Whether protecting your children from the sun at the pool, hanging out by the bonfire or grilling out at a family barbecue, there are a number of ways injuries can happen.
Are you or a loved one suffering from symptoms of the following?:
- Bug bites
- Skin rashes from poison ivy, poison sumac, etc.
- Minor burns from grills or campfires
- Minor scrapes or cuts
If so, be sure to visit your local family doctors at CareNow® for fast diagnosis and treatment so you can get back to enjoying your summer!
Did you know drowning is the 5th leading cause of unintentional injury deaths in the United States?
Knowing these summer safety tips when hanging by the pool or spending time at the lake on a hot day could save a life.
- Always have supervision when in the water.
- Ensure everyone wears a lifejacket when boating or at the lake.
- Never run near the pool.
- Install fences or barriers around pools and place safety covers on hot tubs when not in use to prevent small children from wandering into the water.
- Have young swimmers wear a lifejacket or flotation devices.
- Learning CPR can save the ones you love in an emergency situation.
Drowning has serious health consequences such as brain damage and even death.
Since you must act quickly to increase the chances of success and survival, ensure everyone in your household knows how to respond to drowning emergencies.
Encourage your children to learn proper first aid and safety procedures, or sign up for a CPR class as a family.
Fires And Fireworks
On average, 200 people go to the ER every day with firework-related injuries in the month around Independence Day.
Since summer creates many opportunities for burns with fireworks, grilling and bonfires, here are a few things to help keep you safe
- Whenever you’re grilling, never leave the grill unattended, keep children and pets away and only use your grill outdoors.
- Keep a first aid kit handy in case you have to treat burns.
- Make sure to keep a safe distance between yourself and a bonfire.
- If you create your own firework show for the fourth of July, it’s important to obey all local laws, wear safety glasses and read all labels thoroughly before igniting.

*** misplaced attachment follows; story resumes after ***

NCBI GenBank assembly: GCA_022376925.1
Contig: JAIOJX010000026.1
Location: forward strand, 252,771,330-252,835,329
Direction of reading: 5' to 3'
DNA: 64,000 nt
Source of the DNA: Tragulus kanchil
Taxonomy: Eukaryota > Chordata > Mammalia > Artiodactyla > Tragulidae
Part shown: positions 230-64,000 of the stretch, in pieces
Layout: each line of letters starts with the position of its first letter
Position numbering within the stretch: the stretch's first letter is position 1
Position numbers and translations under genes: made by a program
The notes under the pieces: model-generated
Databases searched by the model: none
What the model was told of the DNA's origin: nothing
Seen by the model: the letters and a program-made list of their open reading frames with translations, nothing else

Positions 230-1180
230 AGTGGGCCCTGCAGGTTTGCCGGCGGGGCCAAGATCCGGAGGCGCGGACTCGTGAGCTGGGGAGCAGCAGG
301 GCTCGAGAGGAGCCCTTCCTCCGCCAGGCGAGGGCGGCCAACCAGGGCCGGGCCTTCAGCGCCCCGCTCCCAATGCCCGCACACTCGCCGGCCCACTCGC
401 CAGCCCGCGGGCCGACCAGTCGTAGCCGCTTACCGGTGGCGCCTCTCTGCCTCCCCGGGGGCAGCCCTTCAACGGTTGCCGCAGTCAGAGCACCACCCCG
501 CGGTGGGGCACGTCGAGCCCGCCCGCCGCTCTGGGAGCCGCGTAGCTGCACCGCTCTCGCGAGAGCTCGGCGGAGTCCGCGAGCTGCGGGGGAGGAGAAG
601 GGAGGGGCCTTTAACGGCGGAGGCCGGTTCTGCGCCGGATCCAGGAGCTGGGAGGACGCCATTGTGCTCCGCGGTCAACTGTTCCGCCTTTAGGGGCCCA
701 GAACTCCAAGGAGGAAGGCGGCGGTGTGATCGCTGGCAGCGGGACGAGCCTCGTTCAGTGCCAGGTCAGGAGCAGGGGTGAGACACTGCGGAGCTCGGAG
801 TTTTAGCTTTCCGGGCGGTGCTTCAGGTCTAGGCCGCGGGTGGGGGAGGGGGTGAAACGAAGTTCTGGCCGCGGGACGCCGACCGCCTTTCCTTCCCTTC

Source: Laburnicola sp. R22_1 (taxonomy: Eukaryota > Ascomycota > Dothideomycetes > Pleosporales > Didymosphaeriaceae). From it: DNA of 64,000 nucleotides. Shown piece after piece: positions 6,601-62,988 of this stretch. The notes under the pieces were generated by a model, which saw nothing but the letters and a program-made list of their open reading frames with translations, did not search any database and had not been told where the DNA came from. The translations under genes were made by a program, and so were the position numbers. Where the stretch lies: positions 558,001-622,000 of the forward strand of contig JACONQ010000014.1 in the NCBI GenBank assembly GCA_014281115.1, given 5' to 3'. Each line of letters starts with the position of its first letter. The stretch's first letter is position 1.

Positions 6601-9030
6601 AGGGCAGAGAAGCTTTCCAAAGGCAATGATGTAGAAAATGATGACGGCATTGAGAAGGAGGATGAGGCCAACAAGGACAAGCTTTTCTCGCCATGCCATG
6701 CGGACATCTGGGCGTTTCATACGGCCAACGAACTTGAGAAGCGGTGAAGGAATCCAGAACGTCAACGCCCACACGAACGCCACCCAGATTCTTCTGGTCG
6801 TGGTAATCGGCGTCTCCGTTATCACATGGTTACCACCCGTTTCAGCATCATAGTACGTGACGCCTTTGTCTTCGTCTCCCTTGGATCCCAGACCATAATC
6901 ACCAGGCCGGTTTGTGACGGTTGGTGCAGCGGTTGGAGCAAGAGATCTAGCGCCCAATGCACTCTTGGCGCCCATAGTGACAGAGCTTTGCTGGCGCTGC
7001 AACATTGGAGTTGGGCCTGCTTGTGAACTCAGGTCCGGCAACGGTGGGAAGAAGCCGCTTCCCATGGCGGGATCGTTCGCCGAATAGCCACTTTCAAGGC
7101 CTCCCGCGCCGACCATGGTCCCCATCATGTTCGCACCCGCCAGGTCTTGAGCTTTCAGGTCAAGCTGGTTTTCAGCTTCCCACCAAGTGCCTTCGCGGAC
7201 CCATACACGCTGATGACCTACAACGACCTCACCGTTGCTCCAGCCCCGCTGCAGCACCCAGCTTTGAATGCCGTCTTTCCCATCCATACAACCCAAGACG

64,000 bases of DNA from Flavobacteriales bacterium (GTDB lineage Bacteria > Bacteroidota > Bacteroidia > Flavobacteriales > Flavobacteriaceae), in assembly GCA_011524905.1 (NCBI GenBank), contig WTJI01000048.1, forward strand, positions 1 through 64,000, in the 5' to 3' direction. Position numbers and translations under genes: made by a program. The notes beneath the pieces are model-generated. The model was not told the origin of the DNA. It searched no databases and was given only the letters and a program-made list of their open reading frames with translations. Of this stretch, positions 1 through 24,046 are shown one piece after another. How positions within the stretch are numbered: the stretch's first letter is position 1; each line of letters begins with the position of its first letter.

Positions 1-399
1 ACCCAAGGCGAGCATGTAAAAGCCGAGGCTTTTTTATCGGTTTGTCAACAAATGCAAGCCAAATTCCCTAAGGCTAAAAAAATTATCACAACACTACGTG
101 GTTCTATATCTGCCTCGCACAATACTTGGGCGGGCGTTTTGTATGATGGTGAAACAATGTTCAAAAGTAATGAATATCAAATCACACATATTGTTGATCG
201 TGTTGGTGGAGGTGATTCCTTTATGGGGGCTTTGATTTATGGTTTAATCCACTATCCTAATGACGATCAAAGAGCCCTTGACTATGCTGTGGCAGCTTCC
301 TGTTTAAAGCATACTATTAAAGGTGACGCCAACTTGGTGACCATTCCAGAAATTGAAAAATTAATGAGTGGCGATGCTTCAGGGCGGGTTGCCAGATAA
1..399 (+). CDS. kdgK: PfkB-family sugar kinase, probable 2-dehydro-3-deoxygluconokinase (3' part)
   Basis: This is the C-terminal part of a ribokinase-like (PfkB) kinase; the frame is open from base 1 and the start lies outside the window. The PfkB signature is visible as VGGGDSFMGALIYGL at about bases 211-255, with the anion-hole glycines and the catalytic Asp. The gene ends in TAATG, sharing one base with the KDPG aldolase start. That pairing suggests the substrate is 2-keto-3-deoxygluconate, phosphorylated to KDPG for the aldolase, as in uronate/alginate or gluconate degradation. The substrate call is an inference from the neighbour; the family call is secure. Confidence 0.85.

On average, a person’s risk for melanoma doubles if he or she has had more than five sunburns.
Between beach vacations and lazy days at the pool, it can be easy to spend hours and hours outside without even realizing it.
To prevent sunburns make sure you know these summer safety tips:
- Apply sunscreen with an SPF of 15 or higher.
- Reapply every two hours, especially if you’re sweating or swimming.
- Stay in the shade whenever possible.
- Wear a hat.
- Keep in mind that 10 a.m. to 4 p.m. is when UV rays are most intense.
Dehydration is when your body loses too much fluid. While this is a fairly common problem, it can also be life-threatening.
Not drinking enough fluids or losing large amounts of fluid through diarrhea, vomiting, sweating or exercise can cause dizziness, nausea and feeling faint.
Usually your body can reabsorb fluid from your blood and other body tissues, although by the time you become severely dehydrated, you no longer have enough fluid in your body to get blood to your organs.
This causes the body to go into shock, which requires immediate medical attention.
- Drink plenty of water before, during, and after you are active.
- A trick to keeping children hydrated is suggesting they suck on ice pops while out in the sun.
- Avoid alcohol, including beer and wine.
- Do not take salt tablets. Most people get plenty of salt in their diets. Use a sports drink if you are worried about replacing minerals lost through sweating.
Cruise Safety Tips
Summer is a very popular time of the year for families to set sail on a cruise. To make sure you have a wonderful and healthy time while aboard the ship, there are a handful of tips you should follow.
A good chunk of cruisers experience the effects of motion sickness while aboard the ship.